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Re: [anthroposophy] Re: Light of the World

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    ... of ... Hi Lynell, This was the continuation of Owen Barfield s lecture, not my words. Sorry I didn t make that clear last time. I began these postings
    Message 1 of 2 , Jul 30, 2000
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      >I enjoyed reading your comments. I was struck by the near juxtaposition
      of
      >two statements:

      Hi Lynell,
      This was the continuation of Owen Barfield's lecture, not
      my words. Sorry I didn't make that clear last time. I began these
      postings because he explains some important points to do with the Eros
      light- this had come up in discussion earlier.
      As did the topic of asceticism, which comes up in this section of the
      lecture in the form of Christianity as a religion of comfort and joy- or
      the "Vale of Tears" philosophy.

      We do really have a mixture of both here on earth.

      >###I do, however, feel impelled to quote one short, dry-perhaps even
      harsh-
      >sentence of Rudolf Steiner's. It is this: "It is an indispensable
      condition
      >of initiation that we should not wish things were otherwise."###

      Is this sentence is more along the lines of the Vale of Tears
      philosophy?- suffer now and there will be joy later.
      OB:
      "I do not mean, by quoting it, to encourage anyone who feels despair to
      infer from that that he is a very important person, for whom initiation
      is only just around the corner. "

      Ooh, Barfield was a toughy. No joy here.

      The words of the Beatitudes are a comfort to those for whom life is a
      constant suffering I suppose.

      What about those poor old Anthroposophists?:
      OB
      "It is, for instance, within my knowledge that
      there are people within this Movement who feel that they have just about
      reached the end of their tether; who really do not know which way to
      turn; to whom life appears to be one long series of seemingly
      meaningless frustrations; people for whom, in their inmost souls - or
      what they as yet feel to be such - life really does, in one way or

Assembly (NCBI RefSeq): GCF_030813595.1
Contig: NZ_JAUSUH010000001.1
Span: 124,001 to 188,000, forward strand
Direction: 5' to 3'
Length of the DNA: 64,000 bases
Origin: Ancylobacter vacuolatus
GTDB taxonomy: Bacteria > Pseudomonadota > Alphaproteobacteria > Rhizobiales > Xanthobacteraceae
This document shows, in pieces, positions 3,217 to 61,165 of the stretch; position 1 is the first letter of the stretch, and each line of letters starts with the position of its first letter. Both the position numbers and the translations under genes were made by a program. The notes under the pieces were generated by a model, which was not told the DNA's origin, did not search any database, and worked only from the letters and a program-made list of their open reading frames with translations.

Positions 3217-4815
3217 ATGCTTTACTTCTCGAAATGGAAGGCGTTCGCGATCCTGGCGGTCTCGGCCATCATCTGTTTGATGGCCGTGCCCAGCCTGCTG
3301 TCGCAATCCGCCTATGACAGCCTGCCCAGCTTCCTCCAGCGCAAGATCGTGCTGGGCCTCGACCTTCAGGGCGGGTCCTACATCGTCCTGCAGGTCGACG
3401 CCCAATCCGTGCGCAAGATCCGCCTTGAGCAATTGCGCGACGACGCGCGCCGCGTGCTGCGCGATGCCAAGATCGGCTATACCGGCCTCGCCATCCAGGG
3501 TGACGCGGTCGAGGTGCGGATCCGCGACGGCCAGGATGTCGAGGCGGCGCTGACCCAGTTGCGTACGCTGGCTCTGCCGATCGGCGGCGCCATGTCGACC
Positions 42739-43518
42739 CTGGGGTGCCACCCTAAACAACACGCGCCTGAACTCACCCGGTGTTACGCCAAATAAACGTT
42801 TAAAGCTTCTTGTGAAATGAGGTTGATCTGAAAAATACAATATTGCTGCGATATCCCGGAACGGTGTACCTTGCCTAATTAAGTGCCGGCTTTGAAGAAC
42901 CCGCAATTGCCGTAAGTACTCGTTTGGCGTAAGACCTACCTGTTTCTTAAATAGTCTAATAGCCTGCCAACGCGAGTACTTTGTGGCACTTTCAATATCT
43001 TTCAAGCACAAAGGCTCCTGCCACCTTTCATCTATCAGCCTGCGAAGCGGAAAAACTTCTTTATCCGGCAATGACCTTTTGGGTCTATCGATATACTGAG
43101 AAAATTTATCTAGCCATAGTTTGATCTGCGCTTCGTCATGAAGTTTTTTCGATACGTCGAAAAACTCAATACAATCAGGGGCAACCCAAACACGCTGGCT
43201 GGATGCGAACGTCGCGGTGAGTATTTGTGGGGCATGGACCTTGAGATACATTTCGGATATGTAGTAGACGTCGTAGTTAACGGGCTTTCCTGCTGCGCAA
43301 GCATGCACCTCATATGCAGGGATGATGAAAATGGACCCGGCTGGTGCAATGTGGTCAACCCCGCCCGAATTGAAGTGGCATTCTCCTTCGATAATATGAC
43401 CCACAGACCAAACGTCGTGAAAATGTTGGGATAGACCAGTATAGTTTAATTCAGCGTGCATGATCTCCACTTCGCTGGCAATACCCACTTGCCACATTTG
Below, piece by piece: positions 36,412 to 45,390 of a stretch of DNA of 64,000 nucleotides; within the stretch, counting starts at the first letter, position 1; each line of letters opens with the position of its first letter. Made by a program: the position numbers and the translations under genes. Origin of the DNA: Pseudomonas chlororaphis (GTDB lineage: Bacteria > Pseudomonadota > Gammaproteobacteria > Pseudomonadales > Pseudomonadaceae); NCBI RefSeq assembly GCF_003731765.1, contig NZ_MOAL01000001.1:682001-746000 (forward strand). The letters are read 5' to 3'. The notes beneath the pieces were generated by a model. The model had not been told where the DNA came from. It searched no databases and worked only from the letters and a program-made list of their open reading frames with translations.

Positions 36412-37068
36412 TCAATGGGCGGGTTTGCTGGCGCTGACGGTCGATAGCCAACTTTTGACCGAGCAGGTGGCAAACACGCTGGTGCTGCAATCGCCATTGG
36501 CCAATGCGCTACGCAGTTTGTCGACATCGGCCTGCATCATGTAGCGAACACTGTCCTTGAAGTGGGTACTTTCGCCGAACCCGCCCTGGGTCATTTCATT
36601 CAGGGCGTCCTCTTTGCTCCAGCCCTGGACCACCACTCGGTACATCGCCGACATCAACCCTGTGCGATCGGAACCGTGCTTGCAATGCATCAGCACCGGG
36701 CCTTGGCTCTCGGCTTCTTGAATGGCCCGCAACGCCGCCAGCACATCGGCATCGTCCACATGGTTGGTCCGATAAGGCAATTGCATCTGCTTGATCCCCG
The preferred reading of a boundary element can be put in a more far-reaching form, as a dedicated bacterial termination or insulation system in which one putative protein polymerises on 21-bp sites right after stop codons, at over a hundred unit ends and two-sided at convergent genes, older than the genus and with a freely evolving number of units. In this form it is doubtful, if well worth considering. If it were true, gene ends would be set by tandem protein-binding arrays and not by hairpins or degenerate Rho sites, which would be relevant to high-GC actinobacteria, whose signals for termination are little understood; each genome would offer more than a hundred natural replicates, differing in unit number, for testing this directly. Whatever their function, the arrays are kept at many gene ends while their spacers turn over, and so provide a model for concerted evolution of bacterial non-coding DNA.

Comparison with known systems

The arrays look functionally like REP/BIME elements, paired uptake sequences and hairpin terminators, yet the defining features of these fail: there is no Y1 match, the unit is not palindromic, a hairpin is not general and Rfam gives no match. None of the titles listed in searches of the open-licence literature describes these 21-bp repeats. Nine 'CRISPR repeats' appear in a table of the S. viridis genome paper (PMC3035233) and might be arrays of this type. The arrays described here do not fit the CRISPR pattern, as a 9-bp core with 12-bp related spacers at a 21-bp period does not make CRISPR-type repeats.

another, wear the mask of something like a living death. "

      I wonder if they were miserable before or_after_ they joined up. This
      was in 1953, how are things today?
      How does anthroposophy tender to the above? Does it just say "You
      shouldn't wish things were otherwise."
      Or can it offer some of that comfort and joy?

      Christianity as a religion of comfort and joy is most fully expressed in
      St. John's Gospel (which contains no parables BTW).
      John 10:10 I am come that they might have life, and that they might have
      it more abundantly.

      What a powerful life affirming/ life giving verse/ meditation this is!
      This is real super fecundity!



      >###It [the Decalogue] is, on the contrary, the framework, the
      scantlings -
      >rather the blueprint - for ***man's own voluntary co-operation*** with
      the
      >First, Second and Third Hierarchies in their age-long labour of
      constructing
      >a human Ego out of divine materials.###

      Yes _free_ cooperation, such an important point.
      Barfield discusses an important juxtaposition in this lecture: that of
      the woman taken in adultery followed by the "I am the Light of the
      World" discourse.
      Another juxtaposition: after discussing Christianity as a religion of
      comfort and joy he then goes on to talk about sex- that is the next
      instalment.

      Welcome & Greetings,
      Bruce
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